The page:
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Press ReleaseTuesday, August 25, 2009
DOE Press Office
Florida Students Challenged to Team Up and Work on Real-World Engineering Solutions
~ Florida is one of 25 states participating in competition focused on science and technology ~
TALLAHASSEE – Lieutenant Governor Jeff Kottkamp joined representatives from the Florida Department of Education (DOE) and the Leon County school district at Leon County’s Amos P. Godby High School today to announce Florida’s participation in the national Real World Design Challenge. The Design Challenge, created by a team of 22 partners from industry, government and education, is an annual Challenge that provides high school students in grades nine through 12 the opportunity to work on real-world engineering issues using cutting edge technology in a team environment.
“The innovative industries of science and engineering are vital to the continued growth and health of Florida’s diversifying economy,” said Lt. Governor Kottkamp. “Through the Real World Design Challenge we have the opportunity not only to motivate the scientists and engineers of tomorrow but also to focus on creative real-world solutions to today’s aerospace challenges.”
Through the Real World Design Challenge, student teams confront a challenge facing the nation’s leading industries and work to identify a resolution. This year’s challenge will focus on aeronautics and energy usage. Participating students will have the chance to apply their classroom lessons to technical problems facing today’s engineers, mathematicians and scientists and to utilize professional quality engineering software to develop their solutions. Teachers participating in the Challenge are also able to obtain professional development opportunities as well as software engineering tools valued at nearly $1 million as part of the Challenge program. Each team also gets up to four mentors from industry, government, and higher education in science, mathematics, engineering and aeronautical design.
“Through the Challenge, all Florida students will have access to the best resources, enabling them to build 21st century skills that will help to make Florida’s future workforce more competitive in a globally competitive economic environment,” said Dr. Ralph K. Coppola, Director of the Real World Design Challenge.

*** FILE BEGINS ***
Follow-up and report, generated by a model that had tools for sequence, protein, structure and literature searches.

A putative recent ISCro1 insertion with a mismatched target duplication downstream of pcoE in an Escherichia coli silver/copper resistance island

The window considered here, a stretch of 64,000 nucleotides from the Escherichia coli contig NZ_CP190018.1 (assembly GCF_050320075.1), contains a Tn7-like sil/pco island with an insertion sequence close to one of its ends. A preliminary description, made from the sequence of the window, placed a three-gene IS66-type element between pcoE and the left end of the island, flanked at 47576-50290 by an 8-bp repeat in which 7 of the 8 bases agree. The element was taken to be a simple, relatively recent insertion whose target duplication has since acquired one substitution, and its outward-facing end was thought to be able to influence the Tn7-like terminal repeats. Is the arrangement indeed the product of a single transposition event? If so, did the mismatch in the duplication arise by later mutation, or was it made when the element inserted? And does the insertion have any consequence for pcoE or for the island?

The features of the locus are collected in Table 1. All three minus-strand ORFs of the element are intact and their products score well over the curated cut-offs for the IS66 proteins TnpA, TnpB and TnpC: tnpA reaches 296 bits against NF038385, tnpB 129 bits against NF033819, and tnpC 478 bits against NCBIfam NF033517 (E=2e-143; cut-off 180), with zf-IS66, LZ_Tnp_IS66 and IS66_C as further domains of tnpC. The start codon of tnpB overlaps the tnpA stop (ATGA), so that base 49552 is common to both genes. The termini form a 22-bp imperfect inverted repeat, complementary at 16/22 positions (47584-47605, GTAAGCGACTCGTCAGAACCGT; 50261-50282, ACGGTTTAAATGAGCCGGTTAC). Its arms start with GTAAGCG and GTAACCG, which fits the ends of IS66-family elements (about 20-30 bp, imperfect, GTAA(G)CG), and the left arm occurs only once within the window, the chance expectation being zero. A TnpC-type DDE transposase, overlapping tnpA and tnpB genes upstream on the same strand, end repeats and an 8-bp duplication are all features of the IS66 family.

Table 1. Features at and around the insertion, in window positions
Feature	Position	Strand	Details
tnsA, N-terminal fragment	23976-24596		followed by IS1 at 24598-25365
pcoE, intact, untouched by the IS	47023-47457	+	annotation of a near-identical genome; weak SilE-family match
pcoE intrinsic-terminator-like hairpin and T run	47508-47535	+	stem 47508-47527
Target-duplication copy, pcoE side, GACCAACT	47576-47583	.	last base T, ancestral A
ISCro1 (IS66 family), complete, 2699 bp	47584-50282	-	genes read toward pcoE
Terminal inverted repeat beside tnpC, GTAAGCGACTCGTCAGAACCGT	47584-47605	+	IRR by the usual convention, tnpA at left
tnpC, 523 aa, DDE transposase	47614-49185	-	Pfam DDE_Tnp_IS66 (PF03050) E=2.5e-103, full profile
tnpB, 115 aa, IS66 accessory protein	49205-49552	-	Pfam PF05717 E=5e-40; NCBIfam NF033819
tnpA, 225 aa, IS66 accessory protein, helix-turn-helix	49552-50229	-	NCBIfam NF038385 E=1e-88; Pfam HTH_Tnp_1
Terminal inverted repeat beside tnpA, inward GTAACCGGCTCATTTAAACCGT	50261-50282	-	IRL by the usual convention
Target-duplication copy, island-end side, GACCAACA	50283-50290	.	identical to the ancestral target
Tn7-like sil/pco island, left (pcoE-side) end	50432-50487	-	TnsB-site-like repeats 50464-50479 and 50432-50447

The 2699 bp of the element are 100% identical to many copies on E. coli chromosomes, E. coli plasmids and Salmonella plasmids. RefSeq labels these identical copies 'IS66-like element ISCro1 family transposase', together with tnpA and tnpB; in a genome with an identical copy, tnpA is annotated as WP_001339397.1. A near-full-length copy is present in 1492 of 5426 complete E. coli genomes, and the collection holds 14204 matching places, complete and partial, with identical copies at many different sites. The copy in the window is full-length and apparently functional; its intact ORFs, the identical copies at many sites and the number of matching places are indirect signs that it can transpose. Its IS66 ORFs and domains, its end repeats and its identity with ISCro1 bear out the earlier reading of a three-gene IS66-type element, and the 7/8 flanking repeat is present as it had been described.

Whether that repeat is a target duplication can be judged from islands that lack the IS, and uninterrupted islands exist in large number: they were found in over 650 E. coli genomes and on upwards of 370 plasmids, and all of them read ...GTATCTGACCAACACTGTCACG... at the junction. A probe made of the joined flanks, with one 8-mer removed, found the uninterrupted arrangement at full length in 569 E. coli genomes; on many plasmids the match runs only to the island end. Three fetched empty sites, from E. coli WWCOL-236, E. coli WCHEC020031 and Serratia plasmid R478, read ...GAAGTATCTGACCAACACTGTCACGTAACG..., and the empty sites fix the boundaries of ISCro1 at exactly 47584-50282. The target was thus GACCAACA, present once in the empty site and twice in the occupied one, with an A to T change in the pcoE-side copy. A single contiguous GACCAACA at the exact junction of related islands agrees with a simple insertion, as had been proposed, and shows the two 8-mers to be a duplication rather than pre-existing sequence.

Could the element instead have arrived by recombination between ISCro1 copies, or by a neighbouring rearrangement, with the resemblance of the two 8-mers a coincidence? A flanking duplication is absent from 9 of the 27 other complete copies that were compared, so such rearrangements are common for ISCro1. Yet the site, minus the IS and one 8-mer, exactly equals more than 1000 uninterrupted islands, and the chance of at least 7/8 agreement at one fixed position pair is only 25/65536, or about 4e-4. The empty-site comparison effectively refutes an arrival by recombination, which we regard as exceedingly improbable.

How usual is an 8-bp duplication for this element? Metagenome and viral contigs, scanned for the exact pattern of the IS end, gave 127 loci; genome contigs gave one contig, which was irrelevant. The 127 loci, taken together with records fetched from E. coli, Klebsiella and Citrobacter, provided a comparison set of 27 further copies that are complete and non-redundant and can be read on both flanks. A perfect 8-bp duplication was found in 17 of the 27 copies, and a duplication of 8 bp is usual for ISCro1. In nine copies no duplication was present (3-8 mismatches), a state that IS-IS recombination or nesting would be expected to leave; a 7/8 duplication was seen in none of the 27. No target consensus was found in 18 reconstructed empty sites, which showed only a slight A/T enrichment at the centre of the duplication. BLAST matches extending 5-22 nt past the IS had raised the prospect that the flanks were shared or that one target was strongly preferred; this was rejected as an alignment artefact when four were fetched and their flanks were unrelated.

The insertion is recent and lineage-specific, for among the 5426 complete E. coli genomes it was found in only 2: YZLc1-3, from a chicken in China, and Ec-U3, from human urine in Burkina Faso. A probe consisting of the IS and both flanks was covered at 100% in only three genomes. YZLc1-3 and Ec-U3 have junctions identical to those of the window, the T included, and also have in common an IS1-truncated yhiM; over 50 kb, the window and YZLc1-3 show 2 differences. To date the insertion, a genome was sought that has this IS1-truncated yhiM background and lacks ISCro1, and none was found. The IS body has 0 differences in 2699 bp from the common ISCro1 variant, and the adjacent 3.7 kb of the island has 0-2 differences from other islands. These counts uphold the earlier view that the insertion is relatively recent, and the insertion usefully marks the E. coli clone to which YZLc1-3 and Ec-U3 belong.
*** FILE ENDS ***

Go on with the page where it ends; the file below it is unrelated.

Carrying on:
Students throughout Florida stand poised to tackle the Real World Design Challenge thanks to continued growth in career and technical training opportunities throughout the state such as the Information Technology (IT) Academy implemented at Godby High School in 2007. Godby’s IT Academy, a magnet program, is focused on helping students earn nationally-recognized industry certifications in science and technology-related subjects through a small, personalized community. Florida currently has more than 100 career academies in science, technology, engineering and math that range from biotechnology to environmental studies. In addition to their career academy experiences, Challenge participants will have the opportunity to personally network with professionals in their field of study and utilize industry-specific technologies.
“The Challenge is an excellent opportunity for our students to showcase their knowledge in critical areas of science, technology, engineering and math,” said DOE Chancellor of Public Schools Dr. Frances Haithcock. “This educational experience will provide the perfect forum to help train our future engineers and scientists, and I’m eager to see what our talented students can do in this competition.”
The Real World Design Challenge bridges the needs of industry with the future of education, and teaches innovation, creativity, and collaboration using the expertise that industry, government and higher education have been honing for decades. The goals of the initiative are to inspire and engage all students in science, technology, engineering and math education and highlight the potential future workers in science and engineering fields.
To learn more about the Real World Design Challenge, visit http://www.scied.science.doe.gov/RWDC/index.html.